Analysts estimate Houthi rebels diverted at least $1.8bn in 2019 allocated for citizens’ basic services and salaries.
Economic profiteering is fuelling the catastrophe in Yemen where a six-year war has led to repeated attacks on civilians, forced disappearances, and other gross violations human rights violations, UN experts said.
A new United Nations report estimates Houthi rebels diverted at least $1.8bn in 2019 earmarked for the government to pay salaries and provide basic services to citizens.
Yemen’s government, meanwhile, implemented a scheme to illegally divert to traders $423m of Saudi money meant to buy rice and other commodities for the Yemeni people, it said.
The report describes a deteriorating situation in Yemen, where the panel of experts said the Houthis and the government “appear to be indifferent” to the devastating effect of the economy’s downfall on its people while continuing to divert the country’s economic and financial resources.
Six years of war between a US-backed Arab coalition supporting the internationally recognised government and the Iran-aligned Houthi rebels have been catastrophic for Yemen, killing more than 112,000 people, creating the world’s worst humanitarian crisis, bringing the country to the brink of famine and wrecking infrastructure.
It began with the 2014 Houthi takeover of the north, where the majority of Yemenis live, which prompted a destructive air campaign by the Saudi Arabia-led coalition aimed at restoring the government.
The panel said there is “an increasing body of evidence suggesting that individuals and entities” in Iran supply “significant volumes of weapons and components to the Houthis”.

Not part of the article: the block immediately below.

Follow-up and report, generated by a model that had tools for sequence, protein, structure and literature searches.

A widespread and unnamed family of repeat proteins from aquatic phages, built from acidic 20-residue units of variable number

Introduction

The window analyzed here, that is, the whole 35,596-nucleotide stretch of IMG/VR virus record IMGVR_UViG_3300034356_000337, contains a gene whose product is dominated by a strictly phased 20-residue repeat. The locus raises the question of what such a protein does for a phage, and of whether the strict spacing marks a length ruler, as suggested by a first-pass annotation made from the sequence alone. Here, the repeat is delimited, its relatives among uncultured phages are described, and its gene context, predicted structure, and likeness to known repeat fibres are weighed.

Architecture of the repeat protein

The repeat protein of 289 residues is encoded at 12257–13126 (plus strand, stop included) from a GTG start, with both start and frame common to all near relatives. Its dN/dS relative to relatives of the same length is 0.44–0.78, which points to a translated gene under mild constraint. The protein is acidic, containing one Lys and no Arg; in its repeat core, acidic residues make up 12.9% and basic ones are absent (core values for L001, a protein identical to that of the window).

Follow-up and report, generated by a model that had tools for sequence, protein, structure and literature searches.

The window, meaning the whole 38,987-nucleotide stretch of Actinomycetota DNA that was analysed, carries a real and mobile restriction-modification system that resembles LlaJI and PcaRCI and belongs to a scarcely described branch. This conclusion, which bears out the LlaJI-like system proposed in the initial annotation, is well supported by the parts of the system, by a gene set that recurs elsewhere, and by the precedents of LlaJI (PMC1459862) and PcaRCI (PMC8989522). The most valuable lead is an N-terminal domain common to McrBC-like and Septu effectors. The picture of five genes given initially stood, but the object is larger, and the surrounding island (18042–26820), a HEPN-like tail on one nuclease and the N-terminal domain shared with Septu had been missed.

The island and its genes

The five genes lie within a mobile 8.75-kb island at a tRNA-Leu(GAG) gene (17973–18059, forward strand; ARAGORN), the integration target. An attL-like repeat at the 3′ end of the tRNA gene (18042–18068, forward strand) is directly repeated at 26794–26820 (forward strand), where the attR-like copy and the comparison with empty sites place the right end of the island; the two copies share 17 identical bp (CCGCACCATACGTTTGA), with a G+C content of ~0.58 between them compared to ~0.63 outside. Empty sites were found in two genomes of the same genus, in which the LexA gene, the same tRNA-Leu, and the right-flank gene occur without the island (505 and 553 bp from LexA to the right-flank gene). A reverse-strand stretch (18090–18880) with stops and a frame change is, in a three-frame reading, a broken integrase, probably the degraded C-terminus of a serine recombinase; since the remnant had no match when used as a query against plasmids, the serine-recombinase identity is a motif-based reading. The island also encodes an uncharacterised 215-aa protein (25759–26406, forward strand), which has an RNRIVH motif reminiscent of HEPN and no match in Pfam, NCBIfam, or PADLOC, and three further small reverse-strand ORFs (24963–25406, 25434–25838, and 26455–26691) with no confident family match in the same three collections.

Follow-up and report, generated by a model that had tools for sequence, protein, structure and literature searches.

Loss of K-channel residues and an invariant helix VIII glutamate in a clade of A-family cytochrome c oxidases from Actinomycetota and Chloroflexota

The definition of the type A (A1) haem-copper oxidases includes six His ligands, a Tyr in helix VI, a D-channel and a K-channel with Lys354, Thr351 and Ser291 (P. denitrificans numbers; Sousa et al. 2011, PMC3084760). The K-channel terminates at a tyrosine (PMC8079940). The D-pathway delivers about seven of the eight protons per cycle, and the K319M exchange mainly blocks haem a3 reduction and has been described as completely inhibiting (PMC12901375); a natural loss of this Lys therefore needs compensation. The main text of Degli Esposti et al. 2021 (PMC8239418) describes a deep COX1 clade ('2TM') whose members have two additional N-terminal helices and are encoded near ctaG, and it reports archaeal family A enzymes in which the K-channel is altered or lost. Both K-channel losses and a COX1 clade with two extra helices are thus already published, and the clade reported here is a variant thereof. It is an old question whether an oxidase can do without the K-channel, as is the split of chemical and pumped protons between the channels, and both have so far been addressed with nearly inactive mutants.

The panel said the government lost strategic territory to the Houthis and the Southern Transitional Council, a separatist group backed by the United Arab Emirates. In December, the coalition announced a power-sharing cabinet including southern separatists, part of a deal to end a power struggle between the former allies.
“The lack of a coherent strategy among anti-Houthi forces, demonstrated by infighting within them, and disagreements between their regional backers, has served to strengthen the Houthis,” the UN experts said.
The report said the Houthis perform government functions including collecting taxes and other state revenue “a large portion of which is used to fund their war effort” — not to help the Yemeni people.
“The government of Yemen is, in some cases, engaging in money-laundering and corruption practices that adversely affect access to adequate food supplies for Yemenis, in violation of the right to food,” the panel said.
In the $423m scheme that illegally transferred public money to traders, 48 percent was received by a single holding corporation, the Hayel Saeed Anam Group, said the experts.